• With: Gov. John Kasich, Bret Stephens, Matt Kaminski, Dan Henninger, Mary Kissel, Dorothy Rabinowitz, Paul Gigot, Kim Strassel, James Freeman

    GIGOT: But this key point here of war, it gets down to a fundamental difference of foreign policy, whether or not President Obama's policy towards Iran, four years of diplomacy, four years of trying to coax them into ...

    STEPHENS: Right.

    GIGOT: ... into a discussion quid pro quo, we'll give you something if you stop pursuing a nuclear weapon, hasn't worked. Has that taken us closer to war or further away?

    STEPHENS: Yes, because it -- because it's persuaded the Iranians that they are going to be able to tiptoe across the nuclear threshold while Israel and Jerusalem and Washington are squabbling with one another over, you know, what the precise red line is. You know, a philosopher that some people in the Obama administration might like a lot, Leon Trotsky, once said, you may not be interested in war, but war is interested in you. We may not be interested in going to war with Iranians, but the Iranians may be interested in going to war with us.

    GIGOT: You could make a case, Matt, that if Mitt Romney is elected, he -- the last thing he is going to want to do is get into a military conflict, because most new presidents are really focused on domestic agenda, because they have to be, because that's really what makes or breaks them.

    KAMINSKI: And that is actually what he is running on, obviously. But I think, you know, I think, you know, I think, you know, Iran is obviously something down the road, but there's a problem right now in Syria, our abdication of any leadership on Syria, that war completely spiraled out of control. It's now spilling over into Lebanon, it's also spilling over into Iraq, which we have completely abandoned. So, I think, if Mitt Romney does get through this, he will be facing a very dangerous world.

    GIGOT: What should Romney say in response to President Obama's taunt -- and it's really a taunt -- that he is a warmonger?

    HENNINGER: I would -- personally, I would regard that as a virtually infantile remark by someone running for the presidency of the United States, suggesting that your opponent is going to start a war when there is no evidence whatsoever of that. And, you know, let me just give you one example, Paul. This was U.N. week, all the world leaders were here, the President of France Bernard (sic) Hollande said we cannot just stand by while terrorists take over Mali, Northern Africa ...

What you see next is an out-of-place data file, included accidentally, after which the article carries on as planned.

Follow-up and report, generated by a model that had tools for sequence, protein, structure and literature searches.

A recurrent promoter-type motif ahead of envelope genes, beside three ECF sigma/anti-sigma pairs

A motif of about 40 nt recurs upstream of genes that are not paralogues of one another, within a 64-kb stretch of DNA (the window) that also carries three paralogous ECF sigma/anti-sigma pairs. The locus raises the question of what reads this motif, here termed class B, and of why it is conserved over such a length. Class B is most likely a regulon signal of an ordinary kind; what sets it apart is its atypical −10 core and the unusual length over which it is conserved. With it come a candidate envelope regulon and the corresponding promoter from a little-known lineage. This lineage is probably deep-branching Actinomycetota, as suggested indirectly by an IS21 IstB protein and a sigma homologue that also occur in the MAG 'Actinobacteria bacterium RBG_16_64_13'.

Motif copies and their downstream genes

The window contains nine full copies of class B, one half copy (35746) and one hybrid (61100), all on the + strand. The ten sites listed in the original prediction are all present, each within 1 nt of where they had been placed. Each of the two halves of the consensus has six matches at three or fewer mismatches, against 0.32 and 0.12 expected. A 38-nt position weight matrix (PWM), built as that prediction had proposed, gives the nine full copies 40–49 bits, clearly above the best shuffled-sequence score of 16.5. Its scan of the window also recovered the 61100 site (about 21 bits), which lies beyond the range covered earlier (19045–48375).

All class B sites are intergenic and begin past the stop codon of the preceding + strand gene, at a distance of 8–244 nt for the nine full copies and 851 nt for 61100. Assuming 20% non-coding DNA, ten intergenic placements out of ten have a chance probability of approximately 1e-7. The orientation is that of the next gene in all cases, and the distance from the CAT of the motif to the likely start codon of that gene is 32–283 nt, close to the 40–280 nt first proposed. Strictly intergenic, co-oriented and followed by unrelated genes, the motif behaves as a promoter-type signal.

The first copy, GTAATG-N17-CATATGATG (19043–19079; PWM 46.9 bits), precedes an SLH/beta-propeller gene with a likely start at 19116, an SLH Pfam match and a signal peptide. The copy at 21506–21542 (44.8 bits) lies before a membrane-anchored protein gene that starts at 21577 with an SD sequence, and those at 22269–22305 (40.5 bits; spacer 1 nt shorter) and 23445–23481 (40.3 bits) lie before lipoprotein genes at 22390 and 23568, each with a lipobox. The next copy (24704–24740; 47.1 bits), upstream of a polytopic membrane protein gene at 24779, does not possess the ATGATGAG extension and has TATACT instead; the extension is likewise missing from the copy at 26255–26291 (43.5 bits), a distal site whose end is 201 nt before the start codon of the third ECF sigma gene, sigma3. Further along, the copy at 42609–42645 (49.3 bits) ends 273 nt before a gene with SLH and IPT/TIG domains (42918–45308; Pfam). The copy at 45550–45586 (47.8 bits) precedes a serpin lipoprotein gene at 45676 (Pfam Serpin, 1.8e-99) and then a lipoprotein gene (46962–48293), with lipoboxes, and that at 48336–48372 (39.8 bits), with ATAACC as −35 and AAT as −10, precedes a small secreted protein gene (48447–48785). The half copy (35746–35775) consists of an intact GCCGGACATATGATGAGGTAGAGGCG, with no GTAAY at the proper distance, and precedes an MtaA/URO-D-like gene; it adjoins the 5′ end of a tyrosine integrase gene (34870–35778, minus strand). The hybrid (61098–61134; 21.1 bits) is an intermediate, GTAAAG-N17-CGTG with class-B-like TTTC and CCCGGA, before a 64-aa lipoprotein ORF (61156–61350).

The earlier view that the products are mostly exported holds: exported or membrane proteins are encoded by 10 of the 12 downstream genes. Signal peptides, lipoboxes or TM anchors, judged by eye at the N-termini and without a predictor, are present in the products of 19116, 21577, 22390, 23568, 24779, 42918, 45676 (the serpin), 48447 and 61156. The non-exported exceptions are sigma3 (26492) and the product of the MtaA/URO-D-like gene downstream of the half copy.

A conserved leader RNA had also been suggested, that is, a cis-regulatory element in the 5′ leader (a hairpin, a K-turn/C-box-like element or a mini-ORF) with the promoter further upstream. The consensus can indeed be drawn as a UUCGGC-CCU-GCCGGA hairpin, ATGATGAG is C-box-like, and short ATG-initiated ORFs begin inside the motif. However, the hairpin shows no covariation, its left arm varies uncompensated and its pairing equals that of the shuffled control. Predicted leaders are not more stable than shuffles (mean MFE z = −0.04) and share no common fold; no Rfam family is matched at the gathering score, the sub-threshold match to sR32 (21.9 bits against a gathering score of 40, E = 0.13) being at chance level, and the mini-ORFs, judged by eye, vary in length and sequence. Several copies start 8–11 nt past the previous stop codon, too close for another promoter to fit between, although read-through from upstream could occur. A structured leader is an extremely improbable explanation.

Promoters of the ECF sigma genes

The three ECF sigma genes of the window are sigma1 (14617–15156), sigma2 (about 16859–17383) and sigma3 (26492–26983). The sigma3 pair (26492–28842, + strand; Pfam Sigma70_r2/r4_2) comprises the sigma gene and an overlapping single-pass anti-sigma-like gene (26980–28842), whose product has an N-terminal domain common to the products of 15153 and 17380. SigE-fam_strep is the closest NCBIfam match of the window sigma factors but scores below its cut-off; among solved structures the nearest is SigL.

GIGOT: Mali?

    HENNING: Mali. Which has been under assault by Islamic extremists. In his "60 Minutes" interview, Barack Obama said, I think that the Middle East and Northern Africa are moving towards an area of peace and prosperity. And they'll be allying with us. He has stuck his head in the sand of the Middle East.

    GIGOT: All right, gentlemen. Coming up, we turn from the presidential campaign to the battle for control of the Senate and the fierce fight being waged in Massachusetts. Can Scott Brown hold on to Ted Kennedy's old seat or Will Elizabeth Warren return it to the Democratic hold?

    (COMMERCIAL BREAK)

    GIGOT: Turning now from the presidential campaign to the battle for control of the United States Senate where Republicans hope to overcome the Democrats 53 to 47 seat majority. This week we look at the race in Massachusetts. There Republican Senator Scott Brown is running to hold on to the seat once held by liberal icon Ted Kennedy. It's one Democrats would sorely like to take back. And are hoping Elizabeth Warren, the brains behind President Obama's Consumer Financial Protection Bureau is the candidate who can do that. We're back with Dan Henninger and Dorothy Rabinowitz and the Wall Street Journal editorial board member, Mary Kissel. So, Mary, very rare for a Republican to hold the Senate seat in Massachusetts. Brown won in 2010 under special election. What is he doing? What is his strategy to hold on to that seat?

    MARY KISSEL, THE WALL STREET JOURNAL: No, he is positioning himself as an independent, as a person who is going to represent every person in Massachusetts. And he is also calling out Elizabeth Warren on her hypocrisy, which is, you saw it when she called herself a native American, in which the "Boston Herald" also revealed this week that she has represented big companies trying to deny payments to retirees. The bankrupt steel company and also Travelers Insurance. So, this sort of goes at the heart of what Elizabeth Warren says she is for.

    GIGOT: So underlying her authenticity.

    KISSEL: And I'm just ...